I’ve been slowly digging my way through the pile of games I got from Gen Con to review this year, and lucky for my kids, a good number of them were family games. They love gaming with me so I’m always looking for something new to introduce them to. After meeting with family game publisher Foxmind, we had a delicious-looking game to try out.
Hansel and Gretel, a cooperative game based on the familiar fable, tasks players with escaping from the evil witch that wants to eat them. The box says it’s appropriate for kids ages 6+, but I can safely say that my twin 5-year-olds handled it with no issues.
The goal in Hansel and Gretel is to collect 5 gingerbread tokens from the top of the house. Each turn, a player will play one of their tiles into the tableau in the center of the table. The goal is to complete pictures of different kinds of desserts. Completing one will earn the players a gingerbread token, which can also be spent for a 1-time movement bonus. At the end of their turn, the player draws a new tile. However, if the new tile is a witch’s hat, she gets a free move action. So watch out on that one.
At the end of each round, Hansel, Gretel, and the Witch will move around the track on the box. Each figure will move a number of spaces equal to the colored dots shown on the edge of the tableau. So if you can count 5 purple dots on the exterior of the tile formation, the Witch will move 5 spaces.
If the witch ever catches up to Hansel or Gretel (or if they lap around and catch her), the players lose and are, presumably, eaten. If they manage to claim all 5 gingerbread tiles first, they win!
One thing Hansel and Gretel has going for it is its excellent production values. My kids absolutely loved the chunky, wooden Meeples, and the 3D gingerbread house that sits in the middle of the board. Thankfully, the house is super simple to assemble, requiring only for it to be folded down and the roof placed on top.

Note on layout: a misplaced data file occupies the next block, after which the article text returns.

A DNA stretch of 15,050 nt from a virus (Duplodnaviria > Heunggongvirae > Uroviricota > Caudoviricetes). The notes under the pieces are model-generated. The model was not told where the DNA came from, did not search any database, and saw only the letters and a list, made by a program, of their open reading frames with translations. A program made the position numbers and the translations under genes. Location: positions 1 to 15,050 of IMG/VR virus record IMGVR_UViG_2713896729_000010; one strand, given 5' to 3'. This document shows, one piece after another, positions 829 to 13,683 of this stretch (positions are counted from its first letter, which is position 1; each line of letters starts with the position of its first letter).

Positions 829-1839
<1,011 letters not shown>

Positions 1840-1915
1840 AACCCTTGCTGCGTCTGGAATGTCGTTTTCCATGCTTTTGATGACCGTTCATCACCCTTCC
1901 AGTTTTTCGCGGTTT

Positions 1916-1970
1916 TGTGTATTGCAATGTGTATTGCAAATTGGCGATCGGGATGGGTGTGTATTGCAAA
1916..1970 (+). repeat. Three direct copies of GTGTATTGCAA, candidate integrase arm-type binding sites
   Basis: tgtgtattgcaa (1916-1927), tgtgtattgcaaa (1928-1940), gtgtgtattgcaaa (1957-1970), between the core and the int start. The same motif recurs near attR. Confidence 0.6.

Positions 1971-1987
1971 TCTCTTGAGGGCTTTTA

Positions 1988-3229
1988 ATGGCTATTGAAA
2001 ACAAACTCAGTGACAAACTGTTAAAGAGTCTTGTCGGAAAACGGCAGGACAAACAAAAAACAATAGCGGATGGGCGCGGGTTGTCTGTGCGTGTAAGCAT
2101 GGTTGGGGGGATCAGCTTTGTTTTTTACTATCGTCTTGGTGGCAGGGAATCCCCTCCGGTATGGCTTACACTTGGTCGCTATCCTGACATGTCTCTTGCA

For the actual gameplay, I thought it was really clever. My kids quickly picked up on the fact that they both wanted to match candy shapes (which they are super excited to do) and also try and keep the purple dots out of the outside of the tableau. However, they were so focused on that for our first game that they ended up catching the witch, causing us to lose.
It’s an interesting balancing act of wanting the witch to move, but not enough to catch your players. So you have 3 balls you need to juggle to keep everything in equilibrium. I suppose someone could math the placement of each tile, but when you’re with 5 year olds, things move pretty swiftly and you just go with the flow. Eventually though they were able to wrap their heads around the fact that they need some purple on the edges, so our strategy improved with more plays.
One of the great things about the game is that once you have a feel for it, it includes variants to make things easier or harder. I always appreciate when my cooperative games give me levers to pull to adjust the difficulty. For Hansel and Gretel, you can make things harder by adding in special chocolate tiles, or easier by adding a tile that atomically gives you a gingerbread token when drawn.
Hansel and Gretel was an all-around win at our gaming table. My kids loved playing it, and have asked repeatedly to play again. I kind of use that as a barometer for how good a family game is. I see if they ask to play it again right away, and if they ask to play it on their own… both of which they did. And from my perspective, I thought the game was actually pretty fun. While it’s not something I’m going to pull out with my gaming group, I enjoyed playing it with the kiddos. It was a nice break from the constant barrage of memory or completely random games aimed at their age group. If you are looking for something new to play with your little ones, Hasnel and Gretel is a great option!